When blind Chinese legal activist Chen Guangcheng flew from Beijing to the U.S. earlier this month, some analysts in the Western and Chinese press predicted that his influence would wane once he left China. It’s difficult to imagine how his clout could be any less than when he was in prison or under house arrest with his family in their village in Shandong province. It is true that after long periods outside their homeland, the voice of Chinese dissidents does weaken. But that process can take years. Chen, his wife and their two children have just arrived in New York City, and for now his stature is only rising.
The Washington Post suggested in a piece today that Chen, who is best known for fighting forced abortion and sterilization in Shandong, could become involved in the debate over abortion in the U.S. Thus far, though, he has stuck to issues immediately connected to his experience in China. Last week, in his first in-depth TV interview, Chen said he had spent the past 19 months under “illegal detention,” not house arrest. “It’s hard for me to describe what it was like during that time,” he told CNN’s Anderson Cooper. “But let’s just say that my suffering was beyond imagination.” On Wednesday the New York Times published an op-ed by Chen that detailed his complaints against officials in Shandong and his broader argument that they are not subject to China’s laws:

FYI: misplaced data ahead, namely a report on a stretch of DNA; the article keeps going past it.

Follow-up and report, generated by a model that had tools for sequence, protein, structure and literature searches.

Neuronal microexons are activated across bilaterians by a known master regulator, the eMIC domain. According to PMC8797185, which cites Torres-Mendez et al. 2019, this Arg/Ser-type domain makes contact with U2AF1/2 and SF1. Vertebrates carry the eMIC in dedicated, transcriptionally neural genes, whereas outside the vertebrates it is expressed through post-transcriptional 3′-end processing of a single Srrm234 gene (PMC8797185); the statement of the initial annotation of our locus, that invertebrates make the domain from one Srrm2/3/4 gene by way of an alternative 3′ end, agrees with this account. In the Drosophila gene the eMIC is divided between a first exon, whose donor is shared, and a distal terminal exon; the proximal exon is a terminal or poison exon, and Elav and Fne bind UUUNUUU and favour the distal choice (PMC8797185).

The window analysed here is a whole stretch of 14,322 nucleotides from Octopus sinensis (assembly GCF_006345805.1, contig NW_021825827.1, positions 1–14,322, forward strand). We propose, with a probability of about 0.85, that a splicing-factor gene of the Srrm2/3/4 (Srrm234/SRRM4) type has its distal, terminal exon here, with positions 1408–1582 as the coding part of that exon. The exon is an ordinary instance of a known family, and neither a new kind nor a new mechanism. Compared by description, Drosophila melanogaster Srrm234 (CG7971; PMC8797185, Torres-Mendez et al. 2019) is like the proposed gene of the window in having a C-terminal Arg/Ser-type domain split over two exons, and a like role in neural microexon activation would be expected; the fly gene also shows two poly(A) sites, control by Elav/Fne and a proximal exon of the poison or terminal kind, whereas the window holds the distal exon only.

The fundamental question the Chinese government must face is lawlessness. China does not lack laws, but the rule of law. As a result, those who handled my case were able to openly flout the nation’s laws in many ways for many years.
Chen wrote that he hopes to see an investigation into the officials who abused him and his family over the past seven years. He told TIME earlier this month that an official from the State Bureau for Letters and Calls, an administrative body that hears citizen complaints, had gone to visit his Beijing hospital room several times to document the abuses he suffered. But there is still little indication that the government plans to punish anyone involved. This week the Communist Party appointed a new standing committee for Shandong, the province’s highest ruling body. Li Qun, who as head of the city of Linyi launched the draconian enforcement of China’s one-child policy that Chen rallied against in 2005, remains on the standing committee, indicating that he is untouched for now. Chen also wrote about the case of his nephew Chen Kegui, who has been arrested and charged with attempted murder for using kitchen knives to slash at local officials who raided his house after Chen Guangcheng’s escape was discovered. The 32-year-old has yet to meet with a lawyer and may have been tortured in custody, Chen Guangcheng wrote. Last week Chen Guangfu, Chen Kegui’s father and the eldest brother of Chen Guangcheng, slipped out of their tightly guarded village and traveled to Beijing to meet with a lawyer for his son.
On Thursday, Chen Guangcheng will speak at the Council on Foreign Relations in New York City with Jerome Cohen, the New York University law professor who is his longtime friend and who arranged for his fellowship at the school. The event will likely be packed with reporters hoping to hear more details of his story. As a free man in New York, Chen has the ear of the world’s most powerful media outlets. The focus on his case is not likely to diminish soon, but neither is the abuse of his family members who stayed behind.